Rafa itibaren Svitlovods'kyi district, Kirovohrads'ka oblast, Ukrayna
Albert Camus'un Yabancısı (1954)
Eğer daha büyük bir futbol taraftarı olsaydım muhtemelen daha çok isterdim. hiç bu kadar iyi giremedi.
I really enjoyed this book. It is very well written and an easy read.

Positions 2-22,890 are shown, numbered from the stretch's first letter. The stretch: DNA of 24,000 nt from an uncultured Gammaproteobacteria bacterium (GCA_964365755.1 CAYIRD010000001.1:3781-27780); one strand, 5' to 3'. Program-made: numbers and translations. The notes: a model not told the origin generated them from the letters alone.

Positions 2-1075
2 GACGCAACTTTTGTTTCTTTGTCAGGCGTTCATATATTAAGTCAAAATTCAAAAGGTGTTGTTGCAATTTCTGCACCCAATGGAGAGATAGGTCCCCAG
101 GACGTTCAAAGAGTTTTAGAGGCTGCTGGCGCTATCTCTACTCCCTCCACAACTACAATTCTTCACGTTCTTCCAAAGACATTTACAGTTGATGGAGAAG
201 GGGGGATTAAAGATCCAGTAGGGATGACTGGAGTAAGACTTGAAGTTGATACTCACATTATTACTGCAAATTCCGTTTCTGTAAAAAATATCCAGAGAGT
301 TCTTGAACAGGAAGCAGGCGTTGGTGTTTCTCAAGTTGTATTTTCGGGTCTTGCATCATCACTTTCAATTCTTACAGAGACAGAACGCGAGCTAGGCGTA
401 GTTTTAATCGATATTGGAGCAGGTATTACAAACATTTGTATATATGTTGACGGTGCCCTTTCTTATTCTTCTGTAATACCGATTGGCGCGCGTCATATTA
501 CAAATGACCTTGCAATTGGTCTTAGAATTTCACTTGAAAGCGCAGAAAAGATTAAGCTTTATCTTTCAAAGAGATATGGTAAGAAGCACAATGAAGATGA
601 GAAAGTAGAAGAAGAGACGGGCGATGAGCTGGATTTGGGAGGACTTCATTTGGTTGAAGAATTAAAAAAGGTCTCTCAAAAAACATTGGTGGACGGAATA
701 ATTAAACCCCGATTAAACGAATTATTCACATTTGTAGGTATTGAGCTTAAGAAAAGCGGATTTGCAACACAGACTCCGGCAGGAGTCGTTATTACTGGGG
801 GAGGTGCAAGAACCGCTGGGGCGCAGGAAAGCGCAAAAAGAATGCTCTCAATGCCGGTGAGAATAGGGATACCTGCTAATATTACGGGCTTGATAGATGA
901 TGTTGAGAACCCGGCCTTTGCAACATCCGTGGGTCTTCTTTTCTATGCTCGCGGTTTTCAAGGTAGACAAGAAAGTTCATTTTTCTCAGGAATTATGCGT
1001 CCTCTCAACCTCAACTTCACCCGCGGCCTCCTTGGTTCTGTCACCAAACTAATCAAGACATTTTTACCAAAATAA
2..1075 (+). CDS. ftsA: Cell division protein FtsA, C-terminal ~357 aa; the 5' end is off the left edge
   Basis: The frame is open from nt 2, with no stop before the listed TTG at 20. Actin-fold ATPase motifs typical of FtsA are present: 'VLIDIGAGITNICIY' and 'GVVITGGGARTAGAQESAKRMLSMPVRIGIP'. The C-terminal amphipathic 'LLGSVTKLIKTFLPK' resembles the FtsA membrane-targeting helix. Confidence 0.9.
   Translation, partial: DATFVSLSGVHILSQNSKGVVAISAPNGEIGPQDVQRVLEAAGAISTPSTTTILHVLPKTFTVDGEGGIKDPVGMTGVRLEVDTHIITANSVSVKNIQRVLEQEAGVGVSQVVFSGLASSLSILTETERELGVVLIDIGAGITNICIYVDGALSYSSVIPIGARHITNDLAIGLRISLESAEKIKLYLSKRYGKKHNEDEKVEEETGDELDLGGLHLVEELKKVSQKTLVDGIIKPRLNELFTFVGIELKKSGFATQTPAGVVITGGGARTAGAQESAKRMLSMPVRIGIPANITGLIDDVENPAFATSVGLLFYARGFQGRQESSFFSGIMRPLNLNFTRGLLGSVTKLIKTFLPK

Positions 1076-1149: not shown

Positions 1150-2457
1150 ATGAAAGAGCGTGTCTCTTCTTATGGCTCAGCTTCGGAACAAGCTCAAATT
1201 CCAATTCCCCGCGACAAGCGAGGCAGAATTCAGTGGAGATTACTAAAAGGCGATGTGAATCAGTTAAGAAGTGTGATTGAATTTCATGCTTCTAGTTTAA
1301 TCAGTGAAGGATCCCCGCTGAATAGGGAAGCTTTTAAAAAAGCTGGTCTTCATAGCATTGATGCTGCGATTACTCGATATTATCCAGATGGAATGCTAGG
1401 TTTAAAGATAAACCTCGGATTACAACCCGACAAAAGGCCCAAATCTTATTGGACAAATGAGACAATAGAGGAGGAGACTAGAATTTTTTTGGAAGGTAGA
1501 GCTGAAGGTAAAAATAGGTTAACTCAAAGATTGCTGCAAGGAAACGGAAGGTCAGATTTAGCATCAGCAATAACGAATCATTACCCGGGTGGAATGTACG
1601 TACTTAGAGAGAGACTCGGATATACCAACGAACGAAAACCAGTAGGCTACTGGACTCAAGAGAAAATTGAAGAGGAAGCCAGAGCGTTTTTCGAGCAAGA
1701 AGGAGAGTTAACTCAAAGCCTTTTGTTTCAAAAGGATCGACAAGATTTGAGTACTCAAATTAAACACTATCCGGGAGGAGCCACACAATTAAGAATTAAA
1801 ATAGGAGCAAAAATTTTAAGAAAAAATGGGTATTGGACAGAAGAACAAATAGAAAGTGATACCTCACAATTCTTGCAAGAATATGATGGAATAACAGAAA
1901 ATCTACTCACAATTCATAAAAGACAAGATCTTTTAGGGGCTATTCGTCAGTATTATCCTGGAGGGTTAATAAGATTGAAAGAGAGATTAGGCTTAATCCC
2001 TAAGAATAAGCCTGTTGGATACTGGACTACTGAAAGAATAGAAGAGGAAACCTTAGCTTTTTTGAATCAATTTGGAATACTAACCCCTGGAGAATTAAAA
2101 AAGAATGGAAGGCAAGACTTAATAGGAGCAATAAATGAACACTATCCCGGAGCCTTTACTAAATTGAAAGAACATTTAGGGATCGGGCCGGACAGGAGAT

The protagonist of this short novel is Dave Packer, a 5th grade boy. This book is centered around a bet that Dave makes with Lynsey, a girl in his class, about whether boys or girls talk more. The notoriously talkative group decides to have a competition about who can say the least words over 48 hours. They make specific rules about when you can and cannot talk, and decide that it is acceptable only to speak to teachers, and only when you are spoken to, and only in three word phrases. This makes for a very interesting couple of days for his elementary school. This book is a pretty easy read, but brings up some interesting ideas, including peaceful protest and Ghandi, the value of different kids and amounts of communications, and how the way you react to something (like the principal) can make all of the difference. Considering the simplicity of the style of writing, the characters were fairly well-rounded, and humor and thought provoking parts were balanced well. This would make a great read-aloud and would probably be most interesting to students in grades 3-5, but some middle school students would be interested as well. There are a few pencil illustrations that really capture the scene and add to the humor, such as the illustration of the principal spitting into her bullhorn at lunch. The fact that a lot of the dialogue is written in 3-word chunks, in accordance with the contest, but still illustrations the point of the speaker well, makes for an interesting spin on dialogue. Again, this would make a great read-aloud in an intermediate classroom. It could serve as a good springboard for conversation about getting along and working together, as the boys and girls eventually do come to peace, as does the protagonist and the principal who initially banned the lack of speaking. While this book would appear to most students, I think some reluctant boy readers would enjoy the humor in these books specifically. However, it is definitely not a gender-specific book.